Metasploit exploits undergo a rigorous 3-step quality assurance process so you have the peace of mind that exploits will work correctly and not affect production systems on your next assignment.



Step 1: Rapid7 Code Review




Many of the Metasploit exploits are contributed by Metasploit’s community of over 175,000 users, making Metasploit the de-facto standard for exploit development. This is a unique ecosystem that benefits all members of the community because every Metasploit user is a “sensor” in the real world that reports the latest attack vectors to the Metasploit exploit development team.


Quite a few people not only report what they have seen but also submit Metasploit exploit modules to the project. The Rapid7 security research team then works with the contributors to ensure that the modules meet the expected coding and quality standards and conduct a quality assurance on the code to ensure that it works as expected, doesn’t affect the stability of the exploited system, and meets our versatility requirements.


At this point, the exploit is also ranked by reliability; when testing production systems, we recommend that you only use exploits with a 4 or 5 star reliability rating (4 = Great, 5 = Excellent).

Step 2: Community Review


Let’s be intellectually honest: If you’ve ever worked in software development, you’ll know that no matter how good your QA process is, you can miss things. No QA lab can replicate every funky systems configuration and constellation that’s out there in the wild. This is where our community comes in again:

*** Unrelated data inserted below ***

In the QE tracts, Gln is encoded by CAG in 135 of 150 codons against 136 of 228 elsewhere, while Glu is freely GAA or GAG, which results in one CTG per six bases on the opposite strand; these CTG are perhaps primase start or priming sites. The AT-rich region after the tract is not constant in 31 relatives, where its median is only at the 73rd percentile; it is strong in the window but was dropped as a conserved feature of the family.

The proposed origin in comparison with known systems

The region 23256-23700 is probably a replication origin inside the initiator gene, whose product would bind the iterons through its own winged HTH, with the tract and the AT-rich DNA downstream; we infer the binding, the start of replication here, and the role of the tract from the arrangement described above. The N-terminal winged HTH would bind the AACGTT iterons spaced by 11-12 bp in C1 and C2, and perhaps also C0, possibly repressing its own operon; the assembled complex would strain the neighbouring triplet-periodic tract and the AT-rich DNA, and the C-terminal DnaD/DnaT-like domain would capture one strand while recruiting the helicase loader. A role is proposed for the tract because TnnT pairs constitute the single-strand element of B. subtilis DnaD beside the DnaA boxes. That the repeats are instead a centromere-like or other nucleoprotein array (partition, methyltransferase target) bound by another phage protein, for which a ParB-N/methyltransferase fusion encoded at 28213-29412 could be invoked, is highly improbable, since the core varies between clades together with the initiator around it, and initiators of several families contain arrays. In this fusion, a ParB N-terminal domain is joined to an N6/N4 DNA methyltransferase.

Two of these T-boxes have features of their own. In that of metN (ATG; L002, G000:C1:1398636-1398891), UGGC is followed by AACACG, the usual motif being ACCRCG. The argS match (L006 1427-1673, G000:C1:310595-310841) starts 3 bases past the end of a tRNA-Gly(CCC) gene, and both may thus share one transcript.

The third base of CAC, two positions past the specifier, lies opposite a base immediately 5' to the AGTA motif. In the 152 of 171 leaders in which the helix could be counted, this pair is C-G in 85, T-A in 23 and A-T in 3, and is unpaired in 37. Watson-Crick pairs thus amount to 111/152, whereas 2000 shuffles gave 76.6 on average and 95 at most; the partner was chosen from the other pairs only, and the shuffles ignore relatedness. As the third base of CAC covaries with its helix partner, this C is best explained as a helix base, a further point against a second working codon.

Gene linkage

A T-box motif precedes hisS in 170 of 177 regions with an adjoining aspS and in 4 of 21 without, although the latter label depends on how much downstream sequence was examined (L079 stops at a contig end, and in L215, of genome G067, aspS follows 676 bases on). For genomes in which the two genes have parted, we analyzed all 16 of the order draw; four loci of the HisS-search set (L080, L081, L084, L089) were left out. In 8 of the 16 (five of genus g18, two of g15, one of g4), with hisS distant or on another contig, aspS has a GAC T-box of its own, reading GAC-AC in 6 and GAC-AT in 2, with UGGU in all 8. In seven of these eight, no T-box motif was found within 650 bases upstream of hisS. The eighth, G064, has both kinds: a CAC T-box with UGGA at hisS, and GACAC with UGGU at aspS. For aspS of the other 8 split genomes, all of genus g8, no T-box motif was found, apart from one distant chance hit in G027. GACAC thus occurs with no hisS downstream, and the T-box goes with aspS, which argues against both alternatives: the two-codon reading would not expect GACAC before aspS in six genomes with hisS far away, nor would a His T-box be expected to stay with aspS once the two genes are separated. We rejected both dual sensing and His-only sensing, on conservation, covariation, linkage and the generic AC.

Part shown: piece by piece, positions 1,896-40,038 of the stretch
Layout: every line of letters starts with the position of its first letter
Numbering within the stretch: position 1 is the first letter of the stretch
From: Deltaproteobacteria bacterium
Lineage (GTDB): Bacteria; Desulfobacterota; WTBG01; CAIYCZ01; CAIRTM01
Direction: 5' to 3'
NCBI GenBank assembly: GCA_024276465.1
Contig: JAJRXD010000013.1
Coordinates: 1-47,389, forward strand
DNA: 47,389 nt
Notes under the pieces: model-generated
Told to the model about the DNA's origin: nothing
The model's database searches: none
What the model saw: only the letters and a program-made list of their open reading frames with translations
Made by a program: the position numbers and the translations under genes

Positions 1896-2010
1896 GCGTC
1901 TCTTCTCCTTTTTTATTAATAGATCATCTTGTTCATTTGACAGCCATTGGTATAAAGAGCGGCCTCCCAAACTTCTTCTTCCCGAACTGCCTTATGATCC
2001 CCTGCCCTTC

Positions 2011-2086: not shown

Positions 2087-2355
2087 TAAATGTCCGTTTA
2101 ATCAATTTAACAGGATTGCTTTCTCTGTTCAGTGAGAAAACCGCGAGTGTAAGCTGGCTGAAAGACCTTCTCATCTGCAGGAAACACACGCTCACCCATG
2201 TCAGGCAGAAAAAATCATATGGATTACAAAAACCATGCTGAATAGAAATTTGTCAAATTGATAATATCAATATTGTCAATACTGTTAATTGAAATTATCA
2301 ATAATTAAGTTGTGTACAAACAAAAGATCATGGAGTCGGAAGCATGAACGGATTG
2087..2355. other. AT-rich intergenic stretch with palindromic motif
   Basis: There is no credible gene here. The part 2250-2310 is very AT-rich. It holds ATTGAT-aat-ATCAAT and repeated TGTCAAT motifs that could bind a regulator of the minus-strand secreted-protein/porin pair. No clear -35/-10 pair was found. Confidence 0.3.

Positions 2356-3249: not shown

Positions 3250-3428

If you are a developer, you can choose to pull the untested code-of-the-moment straight from the GitHub repository (previously SVN), and many security professionals do. This gives us instant feedback on the quality of the latest code from a huge community, which is a priceless advantage Metasploit has over closed-source solutions.


At this point, I’d like to say Thank You Very Much to all of our loyal users. We can’t thank you enough, which is why we continue to offer free solutions such as Metasploit Framework and the Metasploit Community Edition. All of you ensure that open source remains better quality than proprietary solutions, which their marketing departments euphemistically position as “commercial grade”. This is ironic, since I often hear from security professionals that Metasploit exploits turn out to be more stable in the field than their proprietary counterparts for the same vulnerability.

Step 3: Automated QA Testing


Once a week, the current snapshot of the code undergoes an additional, automated quality assurance process before it is packages and released; this is known as the “stable tree”. Metasploit Community, Metasploit Express, and Metasploit Pro, exclusively pull from this stable tree, and users can get updates - typically every Wednesday barring major releases or holidays.


If you’re using Metasploit Framework, you have the choice between the development and the stable tree. If you’re using the standard installer and don’t pull from GitHub directly, msfupdate pulls the stable tree.

If you see something, say something


It’s always possible that something slips through the cracks even after these three vigorous steps. If you find an issue with any exploits or other parts of the code, please open a new discussion right here on Security Street to let us know. This has not only been the most effective way for us to communicate, it also publicly documents the issue for others who may be searching for a solution or work around. Users with a paid license of one of our commercial Metasploit editions can also contact Rapid7 support at support [at] rapid7 [dot] com.